Just 100 yards from where I am currently working is a hostelry called "The Counting House". It was built in 1893, on top of the foundations of a 2000-year-old Roman basilica, as Prescott's Bank. My work colleagues and I love the sumptuous interior. However, this story involves the exterior of the building.
I was walking past on my morning commute (hence semi-darkness in photos) when I spotted that the front door of the Counting House has two lion's head knockers, absolutely identical to those I have recently installed on the front door of the castle. A few yards further on, the service door for the Counting House sported a letter box of almost identical design to the one I had just installed on a side door of the castle.
What an amazing coincidence! Presumably the brass fittings at the Counting House were from the same company, so inadvertently I had bought coordinated fittings from the same company but in separate purchases. My two lion's heads were bought in two separate purchases as well, and I was delighted to get a matching pair. I never thought this would happen. I can also now date my fittings to 1893, a bit later than the castle (1860) but within the correct period ballpark.
Lion's head knockers are in essence portal lions in microcosm: those grand statues of lions either side of the entrance ways to ancient cities. There was originally a lion's head bell pull on the front door of Balintore Castle, long since gone but visible in old photos in this blog, which was no doubt inspired by the first owner's name of Lyon.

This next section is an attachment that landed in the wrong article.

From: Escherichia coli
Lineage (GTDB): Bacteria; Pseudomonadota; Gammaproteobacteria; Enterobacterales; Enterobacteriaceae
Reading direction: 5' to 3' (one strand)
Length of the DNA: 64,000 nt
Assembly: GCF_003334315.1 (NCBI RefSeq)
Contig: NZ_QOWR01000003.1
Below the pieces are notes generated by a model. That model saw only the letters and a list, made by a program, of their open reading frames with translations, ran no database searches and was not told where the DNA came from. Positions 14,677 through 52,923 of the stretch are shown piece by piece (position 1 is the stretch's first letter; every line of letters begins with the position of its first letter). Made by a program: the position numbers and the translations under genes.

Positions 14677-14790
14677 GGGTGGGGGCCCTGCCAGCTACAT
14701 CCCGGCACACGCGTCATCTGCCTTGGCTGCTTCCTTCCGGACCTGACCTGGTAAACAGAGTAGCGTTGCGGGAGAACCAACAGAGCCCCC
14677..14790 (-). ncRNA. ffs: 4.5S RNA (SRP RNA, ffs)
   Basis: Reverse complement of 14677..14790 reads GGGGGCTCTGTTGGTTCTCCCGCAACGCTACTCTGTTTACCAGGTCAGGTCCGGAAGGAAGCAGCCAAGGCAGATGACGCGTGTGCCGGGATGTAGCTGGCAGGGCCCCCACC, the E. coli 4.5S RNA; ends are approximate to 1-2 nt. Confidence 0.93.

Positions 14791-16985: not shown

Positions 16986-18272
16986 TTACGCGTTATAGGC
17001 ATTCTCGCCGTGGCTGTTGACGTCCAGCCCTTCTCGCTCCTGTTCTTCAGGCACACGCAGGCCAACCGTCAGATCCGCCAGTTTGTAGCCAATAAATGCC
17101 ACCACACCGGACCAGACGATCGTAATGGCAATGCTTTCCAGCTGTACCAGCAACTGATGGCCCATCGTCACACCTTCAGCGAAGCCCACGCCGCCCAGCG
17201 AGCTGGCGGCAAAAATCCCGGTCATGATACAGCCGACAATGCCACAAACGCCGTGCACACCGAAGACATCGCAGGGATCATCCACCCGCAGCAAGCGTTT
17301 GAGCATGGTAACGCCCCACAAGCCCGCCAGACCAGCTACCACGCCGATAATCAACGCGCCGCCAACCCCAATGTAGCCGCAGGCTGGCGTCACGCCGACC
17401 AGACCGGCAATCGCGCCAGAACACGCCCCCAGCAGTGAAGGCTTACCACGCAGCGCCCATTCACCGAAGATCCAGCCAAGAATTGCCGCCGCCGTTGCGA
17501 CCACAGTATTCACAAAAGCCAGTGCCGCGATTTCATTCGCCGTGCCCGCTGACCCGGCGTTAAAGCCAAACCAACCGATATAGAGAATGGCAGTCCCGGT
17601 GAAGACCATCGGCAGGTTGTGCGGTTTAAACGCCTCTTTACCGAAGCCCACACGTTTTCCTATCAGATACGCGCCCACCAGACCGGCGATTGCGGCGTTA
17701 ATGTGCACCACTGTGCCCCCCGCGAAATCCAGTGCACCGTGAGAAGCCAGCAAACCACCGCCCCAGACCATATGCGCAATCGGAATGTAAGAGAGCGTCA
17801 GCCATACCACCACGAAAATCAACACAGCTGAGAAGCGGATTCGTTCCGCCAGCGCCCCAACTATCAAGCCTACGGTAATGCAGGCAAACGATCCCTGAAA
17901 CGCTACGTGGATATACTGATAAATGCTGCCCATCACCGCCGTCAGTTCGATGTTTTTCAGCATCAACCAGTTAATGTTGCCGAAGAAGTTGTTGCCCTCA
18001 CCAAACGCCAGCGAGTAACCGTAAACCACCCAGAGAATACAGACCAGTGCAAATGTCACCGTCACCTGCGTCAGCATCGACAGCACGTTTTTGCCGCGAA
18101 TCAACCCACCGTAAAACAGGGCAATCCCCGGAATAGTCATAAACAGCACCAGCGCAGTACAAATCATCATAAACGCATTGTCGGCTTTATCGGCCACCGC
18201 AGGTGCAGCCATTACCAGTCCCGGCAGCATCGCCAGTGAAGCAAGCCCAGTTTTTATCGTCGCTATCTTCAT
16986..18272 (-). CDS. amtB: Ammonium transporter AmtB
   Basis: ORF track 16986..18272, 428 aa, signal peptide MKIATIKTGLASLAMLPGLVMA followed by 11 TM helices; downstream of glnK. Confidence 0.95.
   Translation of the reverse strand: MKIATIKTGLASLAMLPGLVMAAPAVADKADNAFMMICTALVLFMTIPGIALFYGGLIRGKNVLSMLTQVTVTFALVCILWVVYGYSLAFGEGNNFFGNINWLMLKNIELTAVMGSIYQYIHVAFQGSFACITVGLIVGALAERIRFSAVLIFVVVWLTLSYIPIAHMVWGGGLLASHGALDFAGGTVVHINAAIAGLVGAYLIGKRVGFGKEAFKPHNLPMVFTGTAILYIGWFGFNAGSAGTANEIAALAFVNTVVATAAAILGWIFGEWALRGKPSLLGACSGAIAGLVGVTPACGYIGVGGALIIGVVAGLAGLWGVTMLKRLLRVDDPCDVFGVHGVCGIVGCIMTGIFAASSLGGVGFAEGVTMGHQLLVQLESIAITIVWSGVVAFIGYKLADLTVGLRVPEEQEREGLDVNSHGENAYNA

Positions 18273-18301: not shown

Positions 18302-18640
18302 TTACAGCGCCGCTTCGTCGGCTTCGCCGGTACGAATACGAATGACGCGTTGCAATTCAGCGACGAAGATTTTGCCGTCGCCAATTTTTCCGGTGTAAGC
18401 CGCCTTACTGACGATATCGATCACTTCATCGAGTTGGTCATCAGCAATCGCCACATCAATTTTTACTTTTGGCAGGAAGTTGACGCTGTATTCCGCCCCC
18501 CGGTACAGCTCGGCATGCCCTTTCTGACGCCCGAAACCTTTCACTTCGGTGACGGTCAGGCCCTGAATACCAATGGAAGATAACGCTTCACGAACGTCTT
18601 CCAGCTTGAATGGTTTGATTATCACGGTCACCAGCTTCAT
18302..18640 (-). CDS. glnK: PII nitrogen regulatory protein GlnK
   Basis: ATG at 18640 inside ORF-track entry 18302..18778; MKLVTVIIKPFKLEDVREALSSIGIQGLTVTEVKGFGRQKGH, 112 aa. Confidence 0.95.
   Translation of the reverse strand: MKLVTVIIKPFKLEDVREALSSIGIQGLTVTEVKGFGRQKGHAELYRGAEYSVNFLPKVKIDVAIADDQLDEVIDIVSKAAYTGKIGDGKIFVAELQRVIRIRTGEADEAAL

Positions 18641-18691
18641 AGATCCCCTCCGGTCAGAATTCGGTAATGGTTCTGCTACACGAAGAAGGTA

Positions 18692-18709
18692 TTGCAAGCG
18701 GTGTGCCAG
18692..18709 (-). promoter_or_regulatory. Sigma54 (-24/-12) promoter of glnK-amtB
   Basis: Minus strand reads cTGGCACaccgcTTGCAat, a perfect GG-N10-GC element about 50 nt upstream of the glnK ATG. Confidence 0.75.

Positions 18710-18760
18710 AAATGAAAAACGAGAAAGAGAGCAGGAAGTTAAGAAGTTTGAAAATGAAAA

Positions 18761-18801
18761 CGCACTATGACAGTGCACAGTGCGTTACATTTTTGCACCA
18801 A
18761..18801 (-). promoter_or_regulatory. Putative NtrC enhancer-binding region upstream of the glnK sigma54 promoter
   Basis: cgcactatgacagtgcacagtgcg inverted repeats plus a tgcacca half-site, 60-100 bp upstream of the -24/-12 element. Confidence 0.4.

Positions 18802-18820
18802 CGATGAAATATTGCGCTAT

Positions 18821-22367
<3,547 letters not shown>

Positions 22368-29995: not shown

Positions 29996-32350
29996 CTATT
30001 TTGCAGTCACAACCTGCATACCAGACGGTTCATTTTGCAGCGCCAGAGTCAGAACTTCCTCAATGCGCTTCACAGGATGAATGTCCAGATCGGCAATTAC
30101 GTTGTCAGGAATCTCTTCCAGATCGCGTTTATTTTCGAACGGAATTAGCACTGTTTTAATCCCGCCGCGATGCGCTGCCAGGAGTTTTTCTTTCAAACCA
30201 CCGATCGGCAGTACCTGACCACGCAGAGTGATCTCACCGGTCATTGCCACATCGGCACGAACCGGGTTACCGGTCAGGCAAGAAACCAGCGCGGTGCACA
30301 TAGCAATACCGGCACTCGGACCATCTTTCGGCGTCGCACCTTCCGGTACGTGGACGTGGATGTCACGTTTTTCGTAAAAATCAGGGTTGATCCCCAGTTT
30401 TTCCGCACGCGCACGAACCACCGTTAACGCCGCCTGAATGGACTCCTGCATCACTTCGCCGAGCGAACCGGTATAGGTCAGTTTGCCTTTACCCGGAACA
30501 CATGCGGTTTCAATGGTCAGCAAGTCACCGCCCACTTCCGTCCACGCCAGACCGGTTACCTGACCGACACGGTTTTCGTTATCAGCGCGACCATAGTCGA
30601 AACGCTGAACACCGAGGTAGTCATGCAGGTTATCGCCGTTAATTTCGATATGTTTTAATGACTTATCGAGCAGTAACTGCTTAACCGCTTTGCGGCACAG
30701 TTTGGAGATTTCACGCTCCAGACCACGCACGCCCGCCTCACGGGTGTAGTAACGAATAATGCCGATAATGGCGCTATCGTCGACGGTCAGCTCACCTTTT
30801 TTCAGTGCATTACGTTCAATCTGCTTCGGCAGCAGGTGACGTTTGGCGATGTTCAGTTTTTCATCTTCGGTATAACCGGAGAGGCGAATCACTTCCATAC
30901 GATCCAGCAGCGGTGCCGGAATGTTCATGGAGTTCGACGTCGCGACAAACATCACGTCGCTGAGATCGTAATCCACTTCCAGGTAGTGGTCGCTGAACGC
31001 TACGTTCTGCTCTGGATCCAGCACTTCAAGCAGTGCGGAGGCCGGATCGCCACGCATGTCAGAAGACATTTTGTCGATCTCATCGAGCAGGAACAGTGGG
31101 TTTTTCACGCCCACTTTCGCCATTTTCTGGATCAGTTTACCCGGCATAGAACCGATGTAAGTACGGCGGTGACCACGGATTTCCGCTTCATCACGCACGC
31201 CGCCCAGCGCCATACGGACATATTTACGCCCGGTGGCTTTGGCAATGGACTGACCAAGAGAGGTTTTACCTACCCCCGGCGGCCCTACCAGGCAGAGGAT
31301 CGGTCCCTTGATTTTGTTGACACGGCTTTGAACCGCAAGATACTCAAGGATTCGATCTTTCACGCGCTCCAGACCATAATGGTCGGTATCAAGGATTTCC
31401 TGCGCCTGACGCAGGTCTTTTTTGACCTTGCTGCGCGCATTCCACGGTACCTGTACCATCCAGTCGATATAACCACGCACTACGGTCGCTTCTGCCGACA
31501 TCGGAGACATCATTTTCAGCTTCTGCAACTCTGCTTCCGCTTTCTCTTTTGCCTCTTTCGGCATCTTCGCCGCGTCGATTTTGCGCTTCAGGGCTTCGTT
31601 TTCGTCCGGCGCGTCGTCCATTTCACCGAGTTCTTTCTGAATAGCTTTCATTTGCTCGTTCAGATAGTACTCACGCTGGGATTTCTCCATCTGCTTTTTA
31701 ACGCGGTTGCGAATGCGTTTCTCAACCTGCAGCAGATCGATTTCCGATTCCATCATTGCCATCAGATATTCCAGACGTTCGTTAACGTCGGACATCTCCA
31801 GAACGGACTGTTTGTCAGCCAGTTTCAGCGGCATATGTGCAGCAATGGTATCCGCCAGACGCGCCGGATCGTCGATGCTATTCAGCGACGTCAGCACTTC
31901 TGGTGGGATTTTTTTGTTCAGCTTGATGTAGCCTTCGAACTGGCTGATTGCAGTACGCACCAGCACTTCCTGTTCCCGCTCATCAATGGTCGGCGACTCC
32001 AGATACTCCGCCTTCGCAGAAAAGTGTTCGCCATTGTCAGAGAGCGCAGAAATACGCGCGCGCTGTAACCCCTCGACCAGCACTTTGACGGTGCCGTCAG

The morale of this story is that the almost instinctual choices we make in aesthetics, but also in other matters, hold strong truths and patterns that we may not even be aware of. Until that is, we are walking around the streets of London and spot things that are strangely familiar. :-)
|the Counting House on my morning commute|
|lion's head knockers at the Counting House|
|lion's head knockers at Balintore Castle|
|letter box at the Counting House|
|letter box at Balintore Castle|